When valuing a company as a going concern there are three main valuation methods used: DCF analysis, comparable companies, and precedent transactions


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Acrylic Pour Brushes for Procreate | Basic Swipe with Cells Fluid Artwork in Procreate


Made using iPad Pro 2020 in the Procreate app with Apple Pencil using brushes from my Acrylic Pour brush set and colors from the accompanying palettes.
Acrylic Pour Brushes: https://alainajensen.gumroad.com/l/acrylicpour

Subscribe to my email newsletter and get access to my free resource library: https://alainajensen.com/homefreebie
Today, I’m really excited to do my very first demo using my brand new Acrylic Pour brush set for Procreate and what we will be doing in this demo is a very simple, basic swipe. There will be many future tutorials for these brushes using different techniques.
Canvas size is 3000 by 2000 pixels.
Specific Brushes Used:
Fluid Pour 2 Dual Color Tilt
Dutch Pour Blowout Blend Only
Swipe With Cells 2
For this demo, I’m going to be using the “Fluid Acrylic Brights” color palette that comes with the brush set this palette is also in my free resource library as well. We’re only going to use three of the brushes from the Acrylic Pour brush set.
First, we’re going to start out with Fluid Pour 2 Dual Color Tilt. We’re not actually going to use the dual color tilting function, we’re just going to put some colors down and splash them around. This brush is basically the equivalent of splashing paint onto a wet canvas that already has some white on it. I think I’m going to start out with some blues and work in a logical way from one color to the next, adding in some splatters.
Because this piece has purple and green and blue in it, I’m trying to not have the purple run into the green because I think that purple and blue go well together, and green and blue go well together, but purple and green can easily look muddy. To finish up this stage, I’m looking to see where there is any white and I’m adding some little bits of color in as much of this space as possible, so that we have some nice, bright, beautiful cells!
I’m going to switch to the second brush that I’ll be using Dutch Pour Blowout Blend Only. This brush is a blend only brush which means that if I have a layer by itself, then nothing happens. Because it’s a blender brush, I must use it on a layer where I have already added color. Before I start experimenting with this blender brush, I’m just going to duplicate it and turn the bottom layer off. I’ve been testing these brushes for a while now, and I have found that I enjoy trying a couple of different cell brushes or techniques and often find myself getting carried away, so it’s very handy to have a duplicate to fall back on if you want to start over in a new direction. We’re just going to blend things around a bit more, as if I was using a blow dryer or some other sort of heat or air tool on the paint of the canvas.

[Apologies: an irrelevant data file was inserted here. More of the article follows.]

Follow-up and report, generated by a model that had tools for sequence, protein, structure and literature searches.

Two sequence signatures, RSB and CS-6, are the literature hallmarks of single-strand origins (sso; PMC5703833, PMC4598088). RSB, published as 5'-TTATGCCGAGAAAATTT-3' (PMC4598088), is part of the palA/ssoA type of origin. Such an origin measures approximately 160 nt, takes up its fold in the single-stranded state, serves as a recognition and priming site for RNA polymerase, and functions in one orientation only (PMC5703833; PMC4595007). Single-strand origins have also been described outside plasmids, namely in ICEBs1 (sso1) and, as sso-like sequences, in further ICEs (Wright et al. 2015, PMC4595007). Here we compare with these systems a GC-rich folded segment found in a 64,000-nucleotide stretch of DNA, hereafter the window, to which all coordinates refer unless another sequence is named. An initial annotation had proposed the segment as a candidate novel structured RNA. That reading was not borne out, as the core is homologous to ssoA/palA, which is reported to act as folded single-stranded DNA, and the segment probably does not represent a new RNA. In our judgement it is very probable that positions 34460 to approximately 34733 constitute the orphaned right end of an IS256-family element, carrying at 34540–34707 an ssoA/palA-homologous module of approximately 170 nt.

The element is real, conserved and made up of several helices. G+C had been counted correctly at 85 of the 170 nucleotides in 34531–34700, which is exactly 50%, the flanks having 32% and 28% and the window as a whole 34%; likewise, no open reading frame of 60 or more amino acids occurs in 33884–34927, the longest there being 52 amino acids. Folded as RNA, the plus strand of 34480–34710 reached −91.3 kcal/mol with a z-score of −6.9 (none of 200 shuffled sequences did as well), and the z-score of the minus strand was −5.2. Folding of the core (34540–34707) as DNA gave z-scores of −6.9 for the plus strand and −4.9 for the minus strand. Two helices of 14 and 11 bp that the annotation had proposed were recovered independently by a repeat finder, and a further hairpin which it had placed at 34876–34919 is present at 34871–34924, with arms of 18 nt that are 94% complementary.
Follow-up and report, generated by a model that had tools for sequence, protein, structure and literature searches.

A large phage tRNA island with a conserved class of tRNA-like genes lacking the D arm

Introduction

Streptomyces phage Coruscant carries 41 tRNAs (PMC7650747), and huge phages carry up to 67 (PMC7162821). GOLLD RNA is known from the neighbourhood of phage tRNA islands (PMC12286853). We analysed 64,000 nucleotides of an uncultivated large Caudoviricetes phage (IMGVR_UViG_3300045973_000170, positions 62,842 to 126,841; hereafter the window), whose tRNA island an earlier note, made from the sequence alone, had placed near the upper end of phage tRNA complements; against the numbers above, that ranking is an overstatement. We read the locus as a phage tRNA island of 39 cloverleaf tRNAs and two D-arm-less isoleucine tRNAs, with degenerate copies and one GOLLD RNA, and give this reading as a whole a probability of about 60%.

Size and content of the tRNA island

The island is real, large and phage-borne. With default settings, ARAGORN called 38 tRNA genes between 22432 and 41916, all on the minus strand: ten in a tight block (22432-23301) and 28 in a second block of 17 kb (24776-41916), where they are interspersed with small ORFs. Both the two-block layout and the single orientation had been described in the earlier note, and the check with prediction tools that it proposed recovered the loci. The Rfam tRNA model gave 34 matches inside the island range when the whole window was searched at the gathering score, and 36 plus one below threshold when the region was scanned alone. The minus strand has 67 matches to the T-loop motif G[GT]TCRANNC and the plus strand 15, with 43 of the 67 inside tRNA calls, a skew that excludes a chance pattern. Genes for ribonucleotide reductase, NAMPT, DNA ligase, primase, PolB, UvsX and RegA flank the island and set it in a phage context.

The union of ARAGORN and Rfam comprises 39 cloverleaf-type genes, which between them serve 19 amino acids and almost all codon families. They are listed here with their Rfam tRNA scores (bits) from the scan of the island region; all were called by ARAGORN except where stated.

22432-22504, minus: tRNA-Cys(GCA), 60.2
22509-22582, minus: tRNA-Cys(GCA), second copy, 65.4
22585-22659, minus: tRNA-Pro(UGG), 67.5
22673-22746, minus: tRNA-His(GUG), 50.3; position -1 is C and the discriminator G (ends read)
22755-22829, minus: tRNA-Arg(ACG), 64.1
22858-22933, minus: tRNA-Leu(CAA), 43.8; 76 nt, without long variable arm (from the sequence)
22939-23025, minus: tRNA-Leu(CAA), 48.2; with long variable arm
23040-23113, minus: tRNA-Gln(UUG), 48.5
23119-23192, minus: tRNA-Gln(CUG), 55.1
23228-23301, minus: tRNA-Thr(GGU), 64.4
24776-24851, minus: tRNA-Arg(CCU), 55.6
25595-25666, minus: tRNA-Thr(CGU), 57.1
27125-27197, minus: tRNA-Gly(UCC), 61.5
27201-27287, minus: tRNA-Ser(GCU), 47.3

Whatever color you start the blender brush on, that same color that is going to smear around when you drag the pen.
The third and last brush that I will use in this tutorial is also a blendonly brush, and it’s called Swipe With Cells 2. This brush behaves as if you are swiping the paint whenever you have an acrylic pour. Cells start to appear based on what paint was underneath that’s why I wanted to have a lot of different colors under here to create texture popping up into our cells.
I will now show you two different methods of using this brush. The first is to go all in one direction by just swiping across the page, then repeating in the opposite direction. I’m swiping until the pen is off the canvas on the other side. You don’t need straight movements here.
To prepare for the second option, turn off the layer created with method one. Go back to the original layer, duplicate it, and then turn it on. This time (using the same brush), we’re going to go first in one direction and then in another direction. When we’re done, we’ll figure out which version we like best.
Sometimes going in opposite directions can give you some more interesting cell texture and contrast between colors. This is because you’re dragging one color in one direction and another color in another direction.
I think I’m going to go with the back and forth version I created using the second method. I’m going to use the liquify tool (available in Procreate under the magic wand adjustments menu). There are a lot of options, but one that we’re going to use is called “expand.” I’m going to use this tool to add some distortion, which in my opinion makes the piece look more realistic! I’m changing the sizing as I go depending on the look I like. As with the blender brushes, wherever you you put the tip of your pencil, that is the color that expands. I continue to use this technique as desired to add interest to the piece.